02 April 2007

Information and accountability

Somewhere in my old family home in Kolkata, there is a set of Encyclopedia Britannica, bought in the seventies, in which certain sections have been ‘rubber-stamped off’ by the Indian government. These sections contain information about India from a political point of view, specifically on Kashmir and the border between India and Pakistan (including maps). The rubber stamp says something like “the information contained here is under dispute by the Government of India” and is, therefore, not to be trusted.

My initial reaction to this was anger at the government’s censorship of information in a democracy like India (apart from the disgust at seeing a beautifully-printed and expensive book messed up by purple non-erasable ink). I believed, then, the Indian government had violated one of the basic tenets in its own Constitution. It was only later, when I grew older, that I saw some sense in the government’s decision to apply this method of censorship. I realised that, along with information, comes accountability.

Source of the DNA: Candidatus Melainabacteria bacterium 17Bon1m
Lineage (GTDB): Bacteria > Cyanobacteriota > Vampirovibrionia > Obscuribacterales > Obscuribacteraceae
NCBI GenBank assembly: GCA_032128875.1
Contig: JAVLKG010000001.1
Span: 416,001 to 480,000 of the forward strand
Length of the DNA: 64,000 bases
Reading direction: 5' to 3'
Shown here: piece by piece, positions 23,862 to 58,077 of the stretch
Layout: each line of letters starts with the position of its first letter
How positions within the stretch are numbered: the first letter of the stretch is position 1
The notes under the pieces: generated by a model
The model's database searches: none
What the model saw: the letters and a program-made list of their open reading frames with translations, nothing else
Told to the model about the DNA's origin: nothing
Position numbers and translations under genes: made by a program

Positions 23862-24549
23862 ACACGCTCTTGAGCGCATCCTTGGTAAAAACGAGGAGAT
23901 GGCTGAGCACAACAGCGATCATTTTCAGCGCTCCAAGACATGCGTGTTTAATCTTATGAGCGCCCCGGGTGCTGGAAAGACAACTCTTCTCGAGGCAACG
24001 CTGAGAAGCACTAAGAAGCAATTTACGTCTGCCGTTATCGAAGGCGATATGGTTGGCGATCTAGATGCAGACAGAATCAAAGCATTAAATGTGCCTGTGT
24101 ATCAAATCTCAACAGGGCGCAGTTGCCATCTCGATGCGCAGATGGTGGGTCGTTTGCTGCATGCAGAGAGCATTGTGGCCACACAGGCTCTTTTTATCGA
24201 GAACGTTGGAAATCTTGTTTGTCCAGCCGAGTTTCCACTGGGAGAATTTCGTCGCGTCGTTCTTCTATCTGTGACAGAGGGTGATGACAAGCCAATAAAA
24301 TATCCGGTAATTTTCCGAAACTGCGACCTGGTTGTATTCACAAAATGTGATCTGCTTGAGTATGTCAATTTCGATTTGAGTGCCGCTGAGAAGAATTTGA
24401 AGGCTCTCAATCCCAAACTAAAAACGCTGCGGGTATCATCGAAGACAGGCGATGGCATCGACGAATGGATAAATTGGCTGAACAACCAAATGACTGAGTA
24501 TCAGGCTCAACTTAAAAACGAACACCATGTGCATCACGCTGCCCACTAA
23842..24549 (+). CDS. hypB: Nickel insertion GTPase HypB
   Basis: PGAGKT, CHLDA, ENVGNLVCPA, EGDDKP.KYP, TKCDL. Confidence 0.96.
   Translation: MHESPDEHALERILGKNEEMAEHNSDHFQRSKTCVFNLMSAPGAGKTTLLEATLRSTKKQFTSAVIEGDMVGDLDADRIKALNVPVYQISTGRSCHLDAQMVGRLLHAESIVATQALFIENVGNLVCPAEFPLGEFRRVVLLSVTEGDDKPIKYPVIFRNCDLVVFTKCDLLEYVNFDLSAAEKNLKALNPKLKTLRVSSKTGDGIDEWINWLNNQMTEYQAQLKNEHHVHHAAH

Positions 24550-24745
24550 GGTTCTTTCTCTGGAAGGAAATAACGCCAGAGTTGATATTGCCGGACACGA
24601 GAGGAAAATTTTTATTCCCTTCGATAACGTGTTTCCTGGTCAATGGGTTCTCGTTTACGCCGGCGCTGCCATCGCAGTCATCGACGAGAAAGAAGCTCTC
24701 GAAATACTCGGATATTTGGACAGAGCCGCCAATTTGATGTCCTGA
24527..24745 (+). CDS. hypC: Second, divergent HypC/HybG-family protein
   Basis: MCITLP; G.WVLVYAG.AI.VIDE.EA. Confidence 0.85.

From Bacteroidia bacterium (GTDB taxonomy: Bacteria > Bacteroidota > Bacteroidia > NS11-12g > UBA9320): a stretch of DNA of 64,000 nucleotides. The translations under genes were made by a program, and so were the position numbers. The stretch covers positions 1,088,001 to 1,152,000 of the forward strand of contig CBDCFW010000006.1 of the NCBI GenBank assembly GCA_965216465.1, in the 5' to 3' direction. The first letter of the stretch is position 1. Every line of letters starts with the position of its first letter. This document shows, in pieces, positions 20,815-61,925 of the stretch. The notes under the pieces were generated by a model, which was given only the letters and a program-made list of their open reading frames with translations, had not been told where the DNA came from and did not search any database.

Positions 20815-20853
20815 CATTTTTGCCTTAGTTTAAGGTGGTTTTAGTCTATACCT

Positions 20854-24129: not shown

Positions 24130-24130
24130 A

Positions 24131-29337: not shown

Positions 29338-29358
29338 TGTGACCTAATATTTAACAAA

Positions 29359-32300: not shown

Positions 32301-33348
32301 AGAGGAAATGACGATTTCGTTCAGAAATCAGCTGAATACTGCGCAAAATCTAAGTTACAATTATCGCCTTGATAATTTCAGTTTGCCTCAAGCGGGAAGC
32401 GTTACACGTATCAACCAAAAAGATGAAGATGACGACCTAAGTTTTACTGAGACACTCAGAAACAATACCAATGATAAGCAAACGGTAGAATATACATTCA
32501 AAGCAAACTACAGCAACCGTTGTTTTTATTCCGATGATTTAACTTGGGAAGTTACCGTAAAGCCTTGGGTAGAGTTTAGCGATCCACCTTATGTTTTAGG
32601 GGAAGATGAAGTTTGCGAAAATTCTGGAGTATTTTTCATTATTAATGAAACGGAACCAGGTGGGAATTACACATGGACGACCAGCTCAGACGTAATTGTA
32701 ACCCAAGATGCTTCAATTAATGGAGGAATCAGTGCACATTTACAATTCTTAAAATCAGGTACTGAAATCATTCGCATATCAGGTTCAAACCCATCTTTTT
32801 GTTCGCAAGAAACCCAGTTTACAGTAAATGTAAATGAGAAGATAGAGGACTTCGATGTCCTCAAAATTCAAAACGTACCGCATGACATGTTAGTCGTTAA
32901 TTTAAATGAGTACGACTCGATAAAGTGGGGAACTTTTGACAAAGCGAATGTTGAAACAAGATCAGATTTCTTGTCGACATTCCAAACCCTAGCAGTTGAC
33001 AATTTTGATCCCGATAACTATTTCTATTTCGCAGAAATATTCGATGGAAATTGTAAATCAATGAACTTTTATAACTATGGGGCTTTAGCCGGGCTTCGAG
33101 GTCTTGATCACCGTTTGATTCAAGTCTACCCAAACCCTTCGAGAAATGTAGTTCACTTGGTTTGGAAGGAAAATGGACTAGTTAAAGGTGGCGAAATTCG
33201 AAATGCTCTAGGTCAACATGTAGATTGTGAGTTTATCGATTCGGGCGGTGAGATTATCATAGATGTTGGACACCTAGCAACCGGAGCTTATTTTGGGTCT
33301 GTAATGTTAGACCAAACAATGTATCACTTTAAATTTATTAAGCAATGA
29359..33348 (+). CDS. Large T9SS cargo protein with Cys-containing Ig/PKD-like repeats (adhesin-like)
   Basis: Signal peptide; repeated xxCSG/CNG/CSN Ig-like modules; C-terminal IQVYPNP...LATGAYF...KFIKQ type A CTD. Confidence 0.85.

I believe, the providers of information are accountable for the accuracy, appropriateness and relevance of the information they provide us, whether they like it or not. It’s a serious responsibility; one that should not be played around with as I see it being done in the social news sites (like Digg, Reddit, Netscape, among others) which have cropped up, particularly with the advent of Web 2.0. Just because a news story is voted to be popular is not an indication of its accuracy.

Mind you, this is not about violating the freedom of speech. By all means, anyone can publish whatever they want, as long as they don’t violate any laws of the country they belong to. But, news needs to be reported and edited by competent (and impartial) journalists and editors. Not by citizens at large who may not know the facts of the matter, and yet, vote for a story because they simply liked it. Popularity of inaccurate news (and information) can be a dangerous thing!

No comments: